Any tips for making a relationship out of an affair?
May 9, 2009 7:59 PM   Subscribe

Any tips for making a relationship out of an affair?

I was in a relationship and starting cheating with a close friend. My relationship ended, largely mutually, for a variety of reasons, including the affair. I have strong feelings for my friend and would like to make it work as a relationship. I have a lot of guilt about the infidelity, but that doesn't change my feelings for this person. I'm really scared that, in addition to it functioning as something of a rebound thing, there will be other issues arising from our involvement started. We started off with a pattern of secrecy, how to adjust to being public. We started off with lies, how to build trust? We started off trying to avoid getting involved and feeling guilty about it, how to not have guilt play a role in our interactions? We started off with heighten sense of emotion and drama, how to build a more realistic, healthy relationship? Is this possible? I don't want to believe that this is a lost cause.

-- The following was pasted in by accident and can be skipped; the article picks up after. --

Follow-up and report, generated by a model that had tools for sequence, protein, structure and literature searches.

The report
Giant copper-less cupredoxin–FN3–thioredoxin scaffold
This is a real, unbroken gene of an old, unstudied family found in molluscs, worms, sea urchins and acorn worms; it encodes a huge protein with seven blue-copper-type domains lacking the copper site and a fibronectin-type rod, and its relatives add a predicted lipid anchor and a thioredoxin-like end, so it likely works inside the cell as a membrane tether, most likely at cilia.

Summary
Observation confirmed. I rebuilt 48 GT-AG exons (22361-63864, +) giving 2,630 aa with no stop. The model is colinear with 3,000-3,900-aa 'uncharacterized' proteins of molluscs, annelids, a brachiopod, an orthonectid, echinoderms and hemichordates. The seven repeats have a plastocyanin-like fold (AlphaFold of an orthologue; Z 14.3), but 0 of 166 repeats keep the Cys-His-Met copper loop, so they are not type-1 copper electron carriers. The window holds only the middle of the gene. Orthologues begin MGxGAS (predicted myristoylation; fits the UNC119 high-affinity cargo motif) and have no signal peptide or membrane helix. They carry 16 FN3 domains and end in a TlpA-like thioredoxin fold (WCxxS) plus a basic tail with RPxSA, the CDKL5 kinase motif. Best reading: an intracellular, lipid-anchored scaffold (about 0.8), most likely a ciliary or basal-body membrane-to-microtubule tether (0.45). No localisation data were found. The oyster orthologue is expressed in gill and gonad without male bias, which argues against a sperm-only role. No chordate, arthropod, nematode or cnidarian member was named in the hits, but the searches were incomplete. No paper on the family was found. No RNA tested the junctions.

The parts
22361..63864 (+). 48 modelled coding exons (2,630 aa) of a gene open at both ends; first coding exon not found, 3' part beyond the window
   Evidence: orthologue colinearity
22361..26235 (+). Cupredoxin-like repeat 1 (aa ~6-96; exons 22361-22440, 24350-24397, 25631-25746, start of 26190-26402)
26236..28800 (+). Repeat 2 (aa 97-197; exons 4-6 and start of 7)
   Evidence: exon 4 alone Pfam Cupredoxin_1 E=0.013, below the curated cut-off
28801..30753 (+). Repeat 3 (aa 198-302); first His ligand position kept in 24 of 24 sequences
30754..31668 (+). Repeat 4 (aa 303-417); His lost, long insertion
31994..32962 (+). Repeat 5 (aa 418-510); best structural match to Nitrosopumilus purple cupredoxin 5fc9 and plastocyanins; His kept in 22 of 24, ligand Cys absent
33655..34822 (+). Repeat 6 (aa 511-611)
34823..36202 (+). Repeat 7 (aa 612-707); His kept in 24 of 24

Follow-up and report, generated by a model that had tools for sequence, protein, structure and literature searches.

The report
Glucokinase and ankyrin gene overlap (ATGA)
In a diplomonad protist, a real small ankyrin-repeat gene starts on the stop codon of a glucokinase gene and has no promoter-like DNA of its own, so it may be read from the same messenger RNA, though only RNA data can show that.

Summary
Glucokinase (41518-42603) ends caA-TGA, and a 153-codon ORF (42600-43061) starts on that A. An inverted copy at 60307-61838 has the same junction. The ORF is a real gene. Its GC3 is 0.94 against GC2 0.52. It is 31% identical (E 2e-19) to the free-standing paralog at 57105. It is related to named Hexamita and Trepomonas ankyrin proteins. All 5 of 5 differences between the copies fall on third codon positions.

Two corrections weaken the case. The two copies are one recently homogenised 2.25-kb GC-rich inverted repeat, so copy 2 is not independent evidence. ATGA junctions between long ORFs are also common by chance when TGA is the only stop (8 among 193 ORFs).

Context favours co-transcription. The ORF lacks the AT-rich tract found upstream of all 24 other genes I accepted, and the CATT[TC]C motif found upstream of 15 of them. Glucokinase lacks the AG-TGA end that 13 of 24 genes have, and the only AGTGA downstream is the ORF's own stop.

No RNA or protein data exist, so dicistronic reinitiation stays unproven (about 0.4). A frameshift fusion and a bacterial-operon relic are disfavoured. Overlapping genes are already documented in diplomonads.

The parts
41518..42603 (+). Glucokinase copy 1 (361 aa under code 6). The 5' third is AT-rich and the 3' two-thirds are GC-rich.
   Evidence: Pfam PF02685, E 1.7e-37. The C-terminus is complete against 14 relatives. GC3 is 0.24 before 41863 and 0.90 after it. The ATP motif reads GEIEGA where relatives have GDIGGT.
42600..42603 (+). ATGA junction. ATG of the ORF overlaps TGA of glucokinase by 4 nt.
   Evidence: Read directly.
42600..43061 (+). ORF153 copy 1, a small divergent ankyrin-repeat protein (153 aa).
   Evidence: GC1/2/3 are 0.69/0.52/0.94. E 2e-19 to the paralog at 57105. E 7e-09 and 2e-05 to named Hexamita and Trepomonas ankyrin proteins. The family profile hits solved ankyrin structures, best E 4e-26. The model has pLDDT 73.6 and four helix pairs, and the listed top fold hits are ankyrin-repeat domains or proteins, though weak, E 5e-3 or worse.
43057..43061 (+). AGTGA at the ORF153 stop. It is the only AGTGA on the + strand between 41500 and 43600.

(Also just a tip for people drawing closer to an affair... just breakup THEN start seeing the person. I wish I had.)
posted by anonymous to Human Relations (14 answers total) 7 users marked this as a favorite
Do any family members or close friends know about the affair? If they do, be advised that starting up a relationship might be hard on them, and in consequence, they might be hard on you. You also might want to think about what to say when people start asking how long you've been together.
posted by silkygreenbelly at 8:13 PM on May 9, 2009

There's nothing easy about this situation, but it is not impossible.... memail me
posted by HuronBob at 8:15 PM on May 9, 2009